After Tennessee ash spill, cleanup and worry

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Residents are concerned about the long-term health effects of last week’s coal ash spill, one of the worst in U.S. history. Relations with a Depression-era federal utility are damaged, too.
By Richard Fausset
January 1, 2009

Reporting from Roane County, Tenn. — The gunk on the water had thinned to a gray scrim in front of Mike Thomas’ riverfront home — a small sign of progress one week after one of the worst coal ash spills in American history.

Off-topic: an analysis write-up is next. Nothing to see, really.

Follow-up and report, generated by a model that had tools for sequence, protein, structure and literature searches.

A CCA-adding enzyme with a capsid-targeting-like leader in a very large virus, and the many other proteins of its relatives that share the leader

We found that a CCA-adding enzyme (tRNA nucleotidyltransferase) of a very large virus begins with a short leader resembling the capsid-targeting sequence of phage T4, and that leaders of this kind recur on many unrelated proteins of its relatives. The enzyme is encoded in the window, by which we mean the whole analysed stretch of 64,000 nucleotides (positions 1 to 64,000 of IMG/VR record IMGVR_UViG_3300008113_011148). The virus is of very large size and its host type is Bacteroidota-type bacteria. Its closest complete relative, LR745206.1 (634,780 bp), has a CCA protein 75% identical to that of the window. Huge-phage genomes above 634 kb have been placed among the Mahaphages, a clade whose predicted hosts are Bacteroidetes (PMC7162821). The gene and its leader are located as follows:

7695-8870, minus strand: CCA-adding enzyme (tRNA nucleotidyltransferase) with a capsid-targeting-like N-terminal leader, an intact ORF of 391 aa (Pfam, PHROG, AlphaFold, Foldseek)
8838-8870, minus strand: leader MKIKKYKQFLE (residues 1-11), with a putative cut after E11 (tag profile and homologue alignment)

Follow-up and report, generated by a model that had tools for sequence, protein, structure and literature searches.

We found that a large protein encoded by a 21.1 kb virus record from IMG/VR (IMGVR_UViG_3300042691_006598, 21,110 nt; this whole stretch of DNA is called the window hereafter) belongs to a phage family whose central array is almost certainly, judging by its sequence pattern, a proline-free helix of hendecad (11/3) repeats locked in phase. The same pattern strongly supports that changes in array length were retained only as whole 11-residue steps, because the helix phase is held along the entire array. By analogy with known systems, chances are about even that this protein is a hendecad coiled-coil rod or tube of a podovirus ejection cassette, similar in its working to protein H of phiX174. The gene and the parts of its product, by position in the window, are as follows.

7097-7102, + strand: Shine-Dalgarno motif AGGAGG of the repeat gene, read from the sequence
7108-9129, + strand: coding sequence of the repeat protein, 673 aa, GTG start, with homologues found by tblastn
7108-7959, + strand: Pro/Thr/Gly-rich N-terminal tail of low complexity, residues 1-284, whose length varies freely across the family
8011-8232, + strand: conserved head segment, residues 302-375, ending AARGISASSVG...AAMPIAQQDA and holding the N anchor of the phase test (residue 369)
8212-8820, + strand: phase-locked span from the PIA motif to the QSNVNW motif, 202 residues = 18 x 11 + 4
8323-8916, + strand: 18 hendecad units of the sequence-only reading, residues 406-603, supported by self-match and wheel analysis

But as Thomas drove along the bluff over the Emory River, he pointed to big piles of sludgy, dark gray ash, a byproduct of coal combustion, that had been accidentally disgorged by the nearby electricity plant. The heaps jutted from the water’s surface like ugly volcanic islands. By the shore, many neighbors’ docks sat in ruins, destroyed by mammoth waves when the ash was released.,0,1390124.story


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